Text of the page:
QUEEN MARY’S HOSPITAL CARSHALTON. AN IRON AGE AND EARLY ROMANO-BRITISH SETTLEMENT

3427

By Andrew B. Powell
ISBN 978-1-874350-94-1
 
Excavations just outside a large Late Bronze Age ringwork at Queen Mary’s Hospital, Carshalton, in the London Borough of Sutton, revealed a settlement which was occupied possibly continuously from the Early Iron Age into the early Romano-British period. The excavations found very little evidence for Late Bronze Age activity, but by the Early/Middle Bronze Age an open settlement had been established, and by the Late Iron Age parts of it had been enclosed by an arrangement of small ditches. These ditches were modified over the next two centuries, although their general layout was maintained. Notably there were a number of pits which had a range of deposits – some undoubtedly domestic but others were much more deliberate and reflected ritual practices. For example, a single fill of one early Romano-British pit contained the butchered partial carcasses of 25–30 animals (predominantly sheep/goat but also including two dogs, a perinatal horse, two domestic fowl and a raven).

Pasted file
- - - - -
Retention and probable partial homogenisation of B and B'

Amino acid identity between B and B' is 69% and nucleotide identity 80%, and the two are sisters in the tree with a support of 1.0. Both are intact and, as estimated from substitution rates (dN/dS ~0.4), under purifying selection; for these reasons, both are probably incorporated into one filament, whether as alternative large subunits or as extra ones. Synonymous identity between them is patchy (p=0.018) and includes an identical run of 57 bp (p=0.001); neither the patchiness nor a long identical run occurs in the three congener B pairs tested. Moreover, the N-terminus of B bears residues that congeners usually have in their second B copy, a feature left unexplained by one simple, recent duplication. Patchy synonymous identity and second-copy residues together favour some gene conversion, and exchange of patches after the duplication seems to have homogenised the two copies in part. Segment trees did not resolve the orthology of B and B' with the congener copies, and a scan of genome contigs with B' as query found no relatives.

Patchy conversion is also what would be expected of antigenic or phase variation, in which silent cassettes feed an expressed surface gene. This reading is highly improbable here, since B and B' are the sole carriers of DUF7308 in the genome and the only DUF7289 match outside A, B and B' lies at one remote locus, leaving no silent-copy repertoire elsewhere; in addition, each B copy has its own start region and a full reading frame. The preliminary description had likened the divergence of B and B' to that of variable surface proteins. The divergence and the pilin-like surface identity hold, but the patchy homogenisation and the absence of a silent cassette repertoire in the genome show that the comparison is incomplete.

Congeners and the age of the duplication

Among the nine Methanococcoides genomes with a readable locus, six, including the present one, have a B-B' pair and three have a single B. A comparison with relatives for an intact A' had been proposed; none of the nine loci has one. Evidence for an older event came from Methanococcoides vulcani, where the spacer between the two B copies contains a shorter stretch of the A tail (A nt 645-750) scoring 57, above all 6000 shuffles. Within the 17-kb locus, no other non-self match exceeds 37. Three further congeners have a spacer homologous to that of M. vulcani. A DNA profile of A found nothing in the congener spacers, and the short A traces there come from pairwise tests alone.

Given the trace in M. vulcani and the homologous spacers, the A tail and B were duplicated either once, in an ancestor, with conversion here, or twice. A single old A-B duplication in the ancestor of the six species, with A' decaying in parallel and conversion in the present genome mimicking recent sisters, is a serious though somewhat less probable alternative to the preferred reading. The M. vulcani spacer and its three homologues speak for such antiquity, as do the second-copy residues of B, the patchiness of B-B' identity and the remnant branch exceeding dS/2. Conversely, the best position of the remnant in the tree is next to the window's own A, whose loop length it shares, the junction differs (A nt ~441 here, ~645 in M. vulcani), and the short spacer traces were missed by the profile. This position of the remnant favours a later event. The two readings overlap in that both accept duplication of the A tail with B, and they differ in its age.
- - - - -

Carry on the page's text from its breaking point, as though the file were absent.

Also of note were a number of dog burials which showed particular care in the arrangements in the animals, presumably for symbolic reasons, occasionally occurring with pots. In addition, one small subrectangular (almost grave-shaped) Late Iron Age pit contained a careful selection of broken or incomplete objects, including large parts of a single pottery vessel, a decorated iron spearhead, a nave hoop (from a wheel axle), and lumps of tar with impressions of twisted vegetable fibres. 
 
This report explores the archaeological remains within a framework of radiocarbon dating; specialist analyses of finds and environmental remains are also presented.
 
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